Nick Granowicz could only watch. 

The freshman forward saw Wisconsin forward Cole Caufield skate with the puck from the right side of the boards over to center ice. Caufield spun to face the net as senior forward Nick Pastujov slid on his knees to try and block the shot. 

A shot never came though — Pastujov fell for Caufield’s fake shot deke.

Then senior defenseman Luke Martin dove on one knee attempting to do what Pastujov couldn’t, but it was too late. The puck had already left Caufield’s stick. 

A moment later, it connected with the back of the net.

The penalty box door swung open, and amid Wisconsin’s celebrations, Granowicz skated back to the bench — dejected at his costly mistake. 

He’d served just 56 seconds of his two-minute minor penalty for roughing. 

The call was the result of a punch Granowicz had thrown at a Badger play after the two had a battle on the boards.

As he sat on the bench, the reality of the situation hit him. The Wolverines’ two-goal lead was gone, and the Badgers were clawing their way back into the game because of his penalty.

“I felt horrible right after I did it,” Granowicz said. “I knew I messed up right away. I let my emotions kind of get the better of me. It was just a bad feeling. After they scored, it just made it even worse. I felt really bad because I let my teammates down at that point.”

After having a front-row view of Caufield’s goal from the box, Granowicz spent the remaining five-and-a-half minutes of Sunday’s 3-1 watching the game from a different vantage point — the bench.

But the decision wasn’t a punishment, rather a learning moment, according to Michigan coach Mel Pearson. 

Pearson pointed out at that point, Wisconsin had all the momentum and was threatening to repeat a second comeback effort after scoring three unanswered goals to beat Michigan 3-2, on Saturday. So he used the repercussions of an untimely penalty as a way to teach the players what to do in the situation. 

It was an opportunity to show not only Granowicz, but the entire team, the importance of emotional control. 

“We’ve all done some things, taken some bad penalties,” Pearson said. “It’s a good learning lesson for our whole team, it’s an emotional game, we want guys to play with emotion, but it has to be controlled emotion.”

Caufield’s goal didn’t end up mattering. Forty-five seconds later, Ty Emberson received a five-minute major and a 10-minute game misconduct for contact with Pastujov’s head. The Wolverines caught a break and finished the game on the power play.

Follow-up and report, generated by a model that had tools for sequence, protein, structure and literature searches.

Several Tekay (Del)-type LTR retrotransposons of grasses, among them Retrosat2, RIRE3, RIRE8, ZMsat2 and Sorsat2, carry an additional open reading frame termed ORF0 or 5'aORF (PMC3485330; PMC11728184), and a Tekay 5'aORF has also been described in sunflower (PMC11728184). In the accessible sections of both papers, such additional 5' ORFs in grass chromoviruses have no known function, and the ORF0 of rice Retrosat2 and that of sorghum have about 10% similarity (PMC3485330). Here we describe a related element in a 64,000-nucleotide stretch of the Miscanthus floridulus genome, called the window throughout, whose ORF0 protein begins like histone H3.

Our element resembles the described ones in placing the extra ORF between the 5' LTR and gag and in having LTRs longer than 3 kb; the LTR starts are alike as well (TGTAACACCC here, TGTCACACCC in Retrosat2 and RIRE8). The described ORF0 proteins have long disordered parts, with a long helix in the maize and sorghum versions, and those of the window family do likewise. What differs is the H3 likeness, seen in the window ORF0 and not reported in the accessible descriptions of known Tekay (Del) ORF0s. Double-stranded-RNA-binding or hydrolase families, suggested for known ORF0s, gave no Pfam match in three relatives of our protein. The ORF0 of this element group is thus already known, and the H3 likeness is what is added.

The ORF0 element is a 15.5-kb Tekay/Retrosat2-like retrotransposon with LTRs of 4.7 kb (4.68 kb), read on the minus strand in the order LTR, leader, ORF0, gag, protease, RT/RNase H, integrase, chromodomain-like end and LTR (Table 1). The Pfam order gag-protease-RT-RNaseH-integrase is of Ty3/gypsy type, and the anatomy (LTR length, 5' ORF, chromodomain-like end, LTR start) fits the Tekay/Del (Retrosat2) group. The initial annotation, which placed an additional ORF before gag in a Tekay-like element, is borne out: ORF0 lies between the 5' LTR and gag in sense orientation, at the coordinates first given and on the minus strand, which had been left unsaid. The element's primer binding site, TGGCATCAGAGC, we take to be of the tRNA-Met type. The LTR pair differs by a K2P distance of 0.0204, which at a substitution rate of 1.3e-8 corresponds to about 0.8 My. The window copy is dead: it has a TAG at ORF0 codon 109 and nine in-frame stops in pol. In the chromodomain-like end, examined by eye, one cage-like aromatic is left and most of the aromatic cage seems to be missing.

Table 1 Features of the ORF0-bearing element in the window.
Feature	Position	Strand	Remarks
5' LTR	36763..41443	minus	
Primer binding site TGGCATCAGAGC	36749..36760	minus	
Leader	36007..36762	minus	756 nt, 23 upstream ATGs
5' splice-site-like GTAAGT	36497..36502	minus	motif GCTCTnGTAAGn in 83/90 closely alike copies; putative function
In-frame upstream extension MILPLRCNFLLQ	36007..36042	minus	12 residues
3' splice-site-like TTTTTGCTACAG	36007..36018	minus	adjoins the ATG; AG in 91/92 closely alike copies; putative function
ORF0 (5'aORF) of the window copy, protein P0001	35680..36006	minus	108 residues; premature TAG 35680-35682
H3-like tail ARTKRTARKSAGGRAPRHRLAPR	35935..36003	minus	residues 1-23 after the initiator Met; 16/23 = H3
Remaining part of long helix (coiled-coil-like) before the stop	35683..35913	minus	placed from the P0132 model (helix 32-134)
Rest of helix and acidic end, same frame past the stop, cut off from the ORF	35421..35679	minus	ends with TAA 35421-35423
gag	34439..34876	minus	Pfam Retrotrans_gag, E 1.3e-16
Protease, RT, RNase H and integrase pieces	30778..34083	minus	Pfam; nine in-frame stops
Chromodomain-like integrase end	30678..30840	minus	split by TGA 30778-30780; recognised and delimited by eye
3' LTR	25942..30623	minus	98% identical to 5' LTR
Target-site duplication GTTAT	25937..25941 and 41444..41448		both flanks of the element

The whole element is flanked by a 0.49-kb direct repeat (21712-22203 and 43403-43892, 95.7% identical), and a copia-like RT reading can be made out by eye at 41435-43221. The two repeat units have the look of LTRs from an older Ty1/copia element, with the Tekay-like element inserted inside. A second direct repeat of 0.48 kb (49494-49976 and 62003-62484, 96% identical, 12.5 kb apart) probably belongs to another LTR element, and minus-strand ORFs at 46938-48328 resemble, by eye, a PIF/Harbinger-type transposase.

When senior forward Jake Slaker scored an empty net, power play goal, Granowicz breathed a sigh of relief. His momentary lapse in emotional control proved to be relatively inconsequential.

But still, Granowicz felt he owed his team an explanation. So in the locker room, he addressed his teammates.

“It’s just accountability and ownership for your actions,” Granowicz said. “If you mess up you should apologize to your teammates and tell them you’re sorry. Telling them you know you messed up. You’re sorry that you let them down, and you’re going to try and change and not let that happen again.”

No one on the team placed any blame on him. Slaker recalled two weekends ago when junior forward Michael Pastujov took a penalty after the whistle and negated a power-play opportunity for Michigan. The team wasn’t mad then, and it isn’t now.

Sometimes players lose control of their emotions. The important thing the Wolverines have chosen to emphasize is their willingness to reflect on the situation and learn from it.

“We were going to kill the penalty for him no matter what,” Slaker said. “(Granowicz) came in, and I thought he played a great game which is the most important part.”

For Granowicz, learning emotional control is part of the adjustment from junior to college hockey.

At the junior level, referees are sometimes more lenient with physical play. But in the NCAA, referees are more strict and aim to keep the game well controlled. 

This strictness hurt Granowicz especially — he hasn’t seen much lineup time this season, so the adjustment has been harsh. 

He’s only dressed four times, but he’s not using that as an excuse for his loss of control. Pearson’s message for him was well-received and well-understood — mistakes are okay, but it’s critical to grow from them.

Granowicz’s penalty aside, Pearson and his teammates were impressed with his performance. 

And while Sunday night proved an important learning moment for Granowicz, it granted Pearson a chance for reflection on the lineup decisions he’s been making. 

“I thought he had a really good game,” Pearson said. “For a kid who has only played three games, we’ve got to play him more, coach isn’t playing him enough. We’ve got to get him involved.”

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